administrative and operational state and administrative names for
   nodes, termination points and links.



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2.3. Geolocation

   The TE Topology model supports the management of geolocation
   coordinates for nodes and termination points. This solution is
   generic and does not necessarily require the network to be a TE
   network.

   The TE topology data model profile shown in Figure 3can be used to
   model geolocation data for networks.

   module: ietf-te-topology

     augment /nw:networks/nw:network/nw:network-types:
       +--rw te-topology!

        augment /nw:networks/nw:network:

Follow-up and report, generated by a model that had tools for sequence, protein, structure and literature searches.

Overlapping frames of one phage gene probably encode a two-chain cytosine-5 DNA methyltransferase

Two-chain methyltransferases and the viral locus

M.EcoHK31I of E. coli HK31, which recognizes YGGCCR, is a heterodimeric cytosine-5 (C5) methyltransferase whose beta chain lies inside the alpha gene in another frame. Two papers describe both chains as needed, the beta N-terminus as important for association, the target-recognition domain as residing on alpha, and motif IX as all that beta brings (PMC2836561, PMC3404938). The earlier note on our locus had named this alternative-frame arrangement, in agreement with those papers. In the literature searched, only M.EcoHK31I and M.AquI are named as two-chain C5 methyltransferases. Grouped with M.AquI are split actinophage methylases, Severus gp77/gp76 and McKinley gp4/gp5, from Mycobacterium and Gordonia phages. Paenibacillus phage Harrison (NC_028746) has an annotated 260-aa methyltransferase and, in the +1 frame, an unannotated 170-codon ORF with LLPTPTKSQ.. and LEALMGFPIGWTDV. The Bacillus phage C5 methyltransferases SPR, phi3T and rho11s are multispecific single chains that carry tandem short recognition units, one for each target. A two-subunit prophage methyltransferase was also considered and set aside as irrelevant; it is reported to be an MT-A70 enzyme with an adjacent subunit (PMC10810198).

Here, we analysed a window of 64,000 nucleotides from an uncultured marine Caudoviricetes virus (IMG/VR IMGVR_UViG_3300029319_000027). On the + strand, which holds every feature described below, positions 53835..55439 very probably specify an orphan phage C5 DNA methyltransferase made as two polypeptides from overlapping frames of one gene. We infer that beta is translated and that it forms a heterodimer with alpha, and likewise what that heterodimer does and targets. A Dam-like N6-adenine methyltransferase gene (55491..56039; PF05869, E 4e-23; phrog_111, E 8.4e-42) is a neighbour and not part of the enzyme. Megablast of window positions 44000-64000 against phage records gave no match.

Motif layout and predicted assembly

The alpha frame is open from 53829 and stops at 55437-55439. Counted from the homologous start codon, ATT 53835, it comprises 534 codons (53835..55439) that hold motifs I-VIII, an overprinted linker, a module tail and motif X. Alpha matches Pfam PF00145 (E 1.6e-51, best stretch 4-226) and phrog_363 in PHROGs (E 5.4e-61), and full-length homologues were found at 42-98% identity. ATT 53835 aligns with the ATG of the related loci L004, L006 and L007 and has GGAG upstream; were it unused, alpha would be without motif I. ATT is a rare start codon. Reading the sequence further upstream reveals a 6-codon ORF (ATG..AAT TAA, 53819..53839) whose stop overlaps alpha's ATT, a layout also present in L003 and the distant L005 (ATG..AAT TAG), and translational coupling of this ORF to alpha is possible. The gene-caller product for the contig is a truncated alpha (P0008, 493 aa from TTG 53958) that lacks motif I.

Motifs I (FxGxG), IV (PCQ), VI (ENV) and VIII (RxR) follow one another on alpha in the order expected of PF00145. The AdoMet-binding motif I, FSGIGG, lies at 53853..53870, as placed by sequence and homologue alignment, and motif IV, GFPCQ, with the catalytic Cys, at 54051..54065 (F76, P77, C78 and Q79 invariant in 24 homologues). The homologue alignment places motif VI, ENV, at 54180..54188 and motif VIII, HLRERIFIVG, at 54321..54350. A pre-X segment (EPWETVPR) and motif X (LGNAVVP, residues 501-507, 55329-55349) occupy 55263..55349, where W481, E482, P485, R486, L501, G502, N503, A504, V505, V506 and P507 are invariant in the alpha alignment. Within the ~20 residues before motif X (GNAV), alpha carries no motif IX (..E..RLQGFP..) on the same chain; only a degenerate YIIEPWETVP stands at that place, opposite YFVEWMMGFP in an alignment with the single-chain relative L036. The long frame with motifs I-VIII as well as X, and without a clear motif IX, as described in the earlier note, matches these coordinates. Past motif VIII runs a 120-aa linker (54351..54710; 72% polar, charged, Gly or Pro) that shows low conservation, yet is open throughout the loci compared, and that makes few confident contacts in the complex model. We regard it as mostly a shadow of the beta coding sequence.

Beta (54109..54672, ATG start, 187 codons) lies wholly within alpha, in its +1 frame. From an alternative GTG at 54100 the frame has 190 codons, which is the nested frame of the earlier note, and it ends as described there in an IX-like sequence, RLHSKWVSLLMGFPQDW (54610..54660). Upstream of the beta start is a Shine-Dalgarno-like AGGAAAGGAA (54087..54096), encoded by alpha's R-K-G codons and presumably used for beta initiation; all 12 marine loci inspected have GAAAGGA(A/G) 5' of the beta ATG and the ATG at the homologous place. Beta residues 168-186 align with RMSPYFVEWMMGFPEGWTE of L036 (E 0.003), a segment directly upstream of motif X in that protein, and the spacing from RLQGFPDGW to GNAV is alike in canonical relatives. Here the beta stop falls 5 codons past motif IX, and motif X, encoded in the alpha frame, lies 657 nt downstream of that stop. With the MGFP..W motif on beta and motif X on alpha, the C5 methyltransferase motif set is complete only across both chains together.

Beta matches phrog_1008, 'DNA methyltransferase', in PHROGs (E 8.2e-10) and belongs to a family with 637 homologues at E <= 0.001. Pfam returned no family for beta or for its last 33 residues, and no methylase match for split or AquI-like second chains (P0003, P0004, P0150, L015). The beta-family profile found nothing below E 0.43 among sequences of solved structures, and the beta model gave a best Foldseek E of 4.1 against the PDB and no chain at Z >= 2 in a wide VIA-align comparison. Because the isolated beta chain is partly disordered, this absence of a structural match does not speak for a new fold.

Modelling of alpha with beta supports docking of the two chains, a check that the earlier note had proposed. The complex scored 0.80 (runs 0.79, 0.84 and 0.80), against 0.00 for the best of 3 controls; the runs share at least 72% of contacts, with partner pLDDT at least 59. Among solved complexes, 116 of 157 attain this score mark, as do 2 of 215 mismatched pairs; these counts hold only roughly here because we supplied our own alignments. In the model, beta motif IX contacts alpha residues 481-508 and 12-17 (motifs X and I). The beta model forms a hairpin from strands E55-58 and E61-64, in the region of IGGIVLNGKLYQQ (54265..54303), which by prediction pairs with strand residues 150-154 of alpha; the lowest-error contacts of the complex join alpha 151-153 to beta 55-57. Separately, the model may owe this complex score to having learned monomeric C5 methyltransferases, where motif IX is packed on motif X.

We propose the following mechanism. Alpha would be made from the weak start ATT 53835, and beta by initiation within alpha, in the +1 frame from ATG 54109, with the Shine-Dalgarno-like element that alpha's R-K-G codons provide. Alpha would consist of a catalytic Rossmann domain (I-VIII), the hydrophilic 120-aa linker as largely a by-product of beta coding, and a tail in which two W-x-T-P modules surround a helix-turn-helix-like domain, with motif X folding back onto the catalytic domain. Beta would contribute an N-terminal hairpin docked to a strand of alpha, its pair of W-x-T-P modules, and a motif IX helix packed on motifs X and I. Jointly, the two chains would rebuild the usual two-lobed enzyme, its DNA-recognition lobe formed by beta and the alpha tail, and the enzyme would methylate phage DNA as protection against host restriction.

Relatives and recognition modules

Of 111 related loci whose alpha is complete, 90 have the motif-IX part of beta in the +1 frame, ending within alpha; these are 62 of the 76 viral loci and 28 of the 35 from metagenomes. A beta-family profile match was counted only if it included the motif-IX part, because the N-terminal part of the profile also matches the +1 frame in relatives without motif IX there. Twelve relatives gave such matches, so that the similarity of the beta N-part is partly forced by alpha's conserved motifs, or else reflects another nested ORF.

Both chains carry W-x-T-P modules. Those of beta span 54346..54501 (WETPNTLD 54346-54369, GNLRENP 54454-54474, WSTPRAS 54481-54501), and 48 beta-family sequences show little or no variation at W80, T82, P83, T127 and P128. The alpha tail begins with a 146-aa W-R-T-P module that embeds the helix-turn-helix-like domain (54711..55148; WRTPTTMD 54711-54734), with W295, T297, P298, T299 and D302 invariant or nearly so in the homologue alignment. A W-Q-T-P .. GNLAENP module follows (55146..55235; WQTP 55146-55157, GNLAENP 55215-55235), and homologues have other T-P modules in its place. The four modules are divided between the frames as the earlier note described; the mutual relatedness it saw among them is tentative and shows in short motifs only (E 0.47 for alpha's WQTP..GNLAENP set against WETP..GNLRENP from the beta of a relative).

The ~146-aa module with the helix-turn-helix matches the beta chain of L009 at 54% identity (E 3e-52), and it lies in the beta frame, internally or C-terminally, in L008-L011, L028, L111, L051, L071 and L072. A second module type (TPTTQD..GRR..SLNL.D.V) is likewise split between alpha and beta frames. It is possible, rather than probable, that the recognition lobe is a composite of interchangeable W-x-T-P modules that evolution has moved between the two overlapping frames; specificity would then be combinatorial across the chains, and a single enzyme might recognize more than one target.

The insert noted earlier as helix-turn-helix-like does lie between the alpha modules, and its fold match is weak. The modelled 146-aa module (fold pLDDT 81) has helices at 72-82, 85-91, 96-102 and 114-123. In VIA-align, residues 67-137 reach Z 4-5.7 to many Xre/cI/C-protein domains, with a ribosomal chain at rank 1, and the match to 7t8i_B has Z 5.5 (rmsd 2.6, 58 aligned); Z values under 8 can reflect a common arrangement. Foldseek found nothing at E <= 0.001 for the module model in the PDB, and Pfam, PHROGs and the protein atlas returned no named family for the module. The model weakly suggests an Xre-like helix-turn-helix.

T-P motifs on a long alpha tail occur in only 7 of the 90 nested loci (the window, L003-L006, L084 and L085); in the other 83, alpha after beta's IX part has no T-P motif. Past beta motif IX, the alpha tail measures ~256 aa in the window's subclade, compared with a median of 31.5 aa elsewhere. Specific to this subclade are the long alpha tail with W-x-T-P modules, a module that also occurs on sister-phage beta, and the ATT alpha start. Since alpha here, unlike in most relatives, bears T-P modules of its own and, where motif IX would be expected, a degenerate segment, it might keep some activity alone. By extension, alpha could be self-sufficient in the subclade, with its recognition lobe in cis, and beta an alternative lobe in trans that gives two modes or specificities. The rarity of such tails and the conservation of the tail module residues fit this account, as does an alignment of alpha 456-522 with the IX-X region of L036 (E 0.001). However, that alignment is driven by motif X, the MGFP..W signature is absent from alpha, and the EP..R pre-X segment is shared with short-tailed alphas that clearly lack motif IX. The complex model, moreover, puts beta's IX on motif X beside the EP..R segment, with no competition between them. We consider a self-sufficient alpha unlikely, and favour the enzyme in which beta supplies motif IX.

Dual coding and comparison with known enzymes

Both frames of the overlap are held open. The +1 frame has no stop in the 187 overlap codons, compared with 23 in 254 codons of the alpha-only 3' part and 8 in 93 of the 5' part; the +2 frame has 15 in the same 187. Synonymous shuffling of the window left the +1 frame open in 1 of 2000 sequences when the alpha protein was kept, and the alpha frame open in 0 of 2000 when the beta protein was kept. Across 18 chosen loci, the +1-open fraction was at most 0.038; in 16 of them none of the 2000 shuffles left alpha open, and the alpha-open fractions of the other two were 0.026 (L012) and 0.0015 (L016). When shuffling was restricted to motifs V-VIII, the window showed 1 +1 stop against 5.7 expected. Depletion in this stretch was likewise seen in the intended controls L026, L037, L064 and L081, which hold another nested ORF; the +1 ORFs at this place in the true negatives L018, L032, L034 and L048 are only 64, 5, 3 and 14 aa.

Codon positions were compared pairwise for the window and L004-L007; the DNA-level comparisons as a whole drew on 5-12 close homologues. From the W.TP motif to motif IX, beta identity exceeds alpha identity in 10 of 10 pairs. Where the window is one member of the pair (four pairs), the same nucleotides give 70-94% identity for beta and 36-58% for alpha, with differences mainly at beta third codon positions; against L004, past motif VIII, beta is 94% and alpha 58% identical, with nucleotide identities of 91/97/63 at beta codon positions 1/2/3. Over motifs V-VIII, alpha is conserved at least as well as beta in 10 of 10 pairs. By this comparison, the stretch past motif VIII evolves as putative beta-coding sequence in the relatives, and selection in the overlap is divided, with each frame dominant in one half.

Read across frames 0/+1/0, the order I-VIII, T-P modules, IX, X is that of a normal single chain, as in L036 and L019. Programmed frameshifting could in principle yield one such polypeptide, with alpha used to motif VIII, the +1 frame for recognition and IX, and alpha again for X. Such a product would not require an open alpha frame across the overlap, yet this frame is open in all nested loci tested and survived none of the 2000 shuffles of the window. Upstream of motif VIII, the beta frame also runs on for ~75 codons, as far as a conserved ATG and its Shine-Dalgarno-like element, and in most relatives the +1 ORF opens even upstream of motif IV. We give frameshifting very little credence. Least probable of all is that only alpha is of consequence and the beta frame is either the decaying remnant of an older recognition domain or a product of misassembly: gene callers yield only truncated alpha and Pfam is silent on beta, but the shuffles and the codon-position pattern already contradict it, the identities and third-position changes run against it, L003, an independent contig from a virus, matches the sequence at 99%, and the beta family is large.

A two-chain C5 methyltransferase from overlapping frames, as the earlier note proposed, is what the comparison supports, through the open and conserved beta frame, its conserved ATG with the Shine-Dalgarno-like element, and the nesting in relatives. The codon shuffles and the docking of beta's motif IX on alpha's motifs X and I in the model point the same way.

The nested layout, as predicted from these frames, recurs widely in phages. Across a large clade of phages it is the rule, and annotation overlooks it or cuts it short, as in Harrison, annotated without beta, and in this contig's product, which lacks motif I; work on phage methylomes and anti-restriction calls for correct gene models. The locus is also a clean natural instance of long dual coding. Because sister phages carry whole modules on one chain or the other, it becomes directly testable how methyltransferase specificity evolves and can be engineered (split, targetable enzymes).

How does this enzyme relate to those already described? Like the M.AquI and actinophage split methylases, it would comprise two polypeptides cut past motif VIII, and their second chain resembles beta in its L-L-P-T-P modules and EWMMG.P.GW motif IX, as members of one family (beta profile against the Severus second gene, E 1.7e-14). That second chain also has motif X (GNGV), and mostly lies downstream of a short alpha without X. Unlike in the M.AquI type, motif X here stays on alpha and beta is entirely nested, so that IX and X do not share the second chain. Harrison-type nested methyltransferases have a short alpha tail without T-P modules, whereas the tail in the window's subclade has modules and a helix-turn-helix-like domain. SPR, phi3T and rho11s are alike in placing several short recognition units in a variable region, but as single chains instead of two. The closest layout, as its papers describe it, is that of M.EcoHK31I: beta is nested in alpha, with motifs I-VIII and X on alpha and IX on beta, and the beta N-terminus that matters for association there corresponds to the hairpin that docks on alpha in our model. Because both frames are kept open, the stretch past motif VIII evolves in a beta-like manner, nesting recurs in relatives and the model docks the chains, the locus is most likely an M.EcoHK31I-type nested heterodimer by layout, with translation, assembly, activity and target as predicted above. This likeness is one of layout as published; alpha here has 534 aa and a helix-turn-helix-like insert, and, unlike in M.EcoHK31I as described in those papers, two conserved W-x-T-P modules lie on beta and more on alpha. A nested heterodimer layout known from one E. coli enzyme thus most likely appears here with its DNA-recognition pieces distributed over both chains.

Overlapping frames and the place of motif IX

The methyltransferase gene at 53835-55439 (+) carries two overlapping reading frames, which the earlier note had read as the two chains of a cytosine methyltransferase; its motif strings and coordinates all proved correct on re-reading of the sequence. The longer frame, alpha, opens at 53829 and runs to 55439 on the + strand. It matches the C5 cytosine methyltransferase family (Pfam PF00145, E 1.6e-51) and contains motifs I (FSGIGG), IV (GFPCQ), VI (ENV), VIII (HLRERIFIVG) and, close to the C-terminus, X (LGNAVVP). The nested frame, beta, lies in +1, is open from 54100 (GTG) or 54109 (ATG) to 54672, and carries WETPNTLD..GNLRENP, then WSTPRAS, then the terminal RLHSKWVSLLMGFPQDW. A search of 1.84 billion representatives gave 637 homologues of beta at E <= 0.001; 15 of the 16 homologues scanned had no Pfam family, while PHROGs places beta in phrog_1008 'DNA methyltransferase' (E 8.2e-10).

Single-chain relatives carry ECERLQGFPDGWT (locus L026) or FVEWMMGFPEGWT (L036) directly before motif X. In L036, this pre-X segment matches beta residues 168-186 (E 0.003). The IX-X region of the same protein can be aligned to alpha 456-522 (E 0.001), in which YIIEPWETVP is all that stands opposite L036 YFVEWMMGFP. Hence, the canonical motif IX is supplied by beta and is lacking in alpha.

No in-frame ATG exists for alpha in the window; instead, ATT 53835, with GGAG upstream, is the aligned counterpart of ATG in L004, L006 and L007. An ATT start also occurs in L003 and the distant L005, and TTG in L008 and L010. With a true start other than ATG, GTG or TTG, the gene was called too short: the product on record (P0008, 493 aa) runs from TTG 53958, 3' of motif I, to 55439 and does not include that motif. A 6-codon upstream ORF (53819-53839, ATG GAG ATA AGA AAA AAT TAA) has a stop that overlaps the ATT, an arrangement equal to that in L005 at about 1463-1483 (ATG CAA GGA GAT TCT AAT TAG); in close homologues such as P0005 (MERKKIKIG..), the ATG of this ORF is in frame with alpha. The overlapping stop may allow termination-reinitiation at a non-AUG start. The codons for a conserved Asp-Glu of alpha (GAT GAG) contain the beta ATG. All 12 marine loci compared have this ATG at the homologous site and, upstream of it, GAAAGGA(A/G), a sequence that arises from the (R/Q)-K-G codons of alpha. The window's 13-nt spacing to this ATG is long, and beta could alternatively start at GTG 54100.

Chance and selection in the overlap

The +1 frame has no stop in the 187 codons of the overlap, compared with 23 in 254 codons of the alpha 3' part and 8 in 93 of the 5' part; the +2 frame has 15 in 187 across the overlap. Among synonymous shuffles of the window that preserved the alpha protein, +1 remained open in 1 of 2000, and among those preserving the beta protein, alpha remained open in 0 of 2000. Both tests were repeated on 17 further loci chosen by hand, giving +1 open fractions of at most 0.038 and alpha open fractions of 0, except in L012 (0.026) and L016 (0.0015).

+--rw te-topology-identifier
          |  +--rw provider-id?   te-global-id
          |  +--rw client-id?     te-global-id
          |  +--rw topology-id?   te-topology-id
          +--rw te!
             +--ro geolocation
                +--ro altitude?    int64
                +--ro latitude?    geographic-coordinate-degree
                +--ro longitude?   geographic-coordinate-degree

        augment /nw:networks/nw:network/nw:node:
          +--rw te-node-id?   te-types:te-node-id
          +--rw te!
             +--ro geolocation
             |  +--ro altitude?    int64
             |  +--ro latitude?    geographic-coordinate-degree
             |  +--ro longitude?   geographic-coordinate-degree

        augment /nw:networks/nw:network/nw:node/nt:termination-point:
          +--rw te-tp-id?   te-types:te-tp-id
          +--rw te!
             +--ro geolocation
                +--ro altitude?    int64
                +--ro latitude?    geographic-coordinate-degree
                +--ro longitude?   geographic-coordinate-degree

         Figure 3 - Generic Topology with geolocation information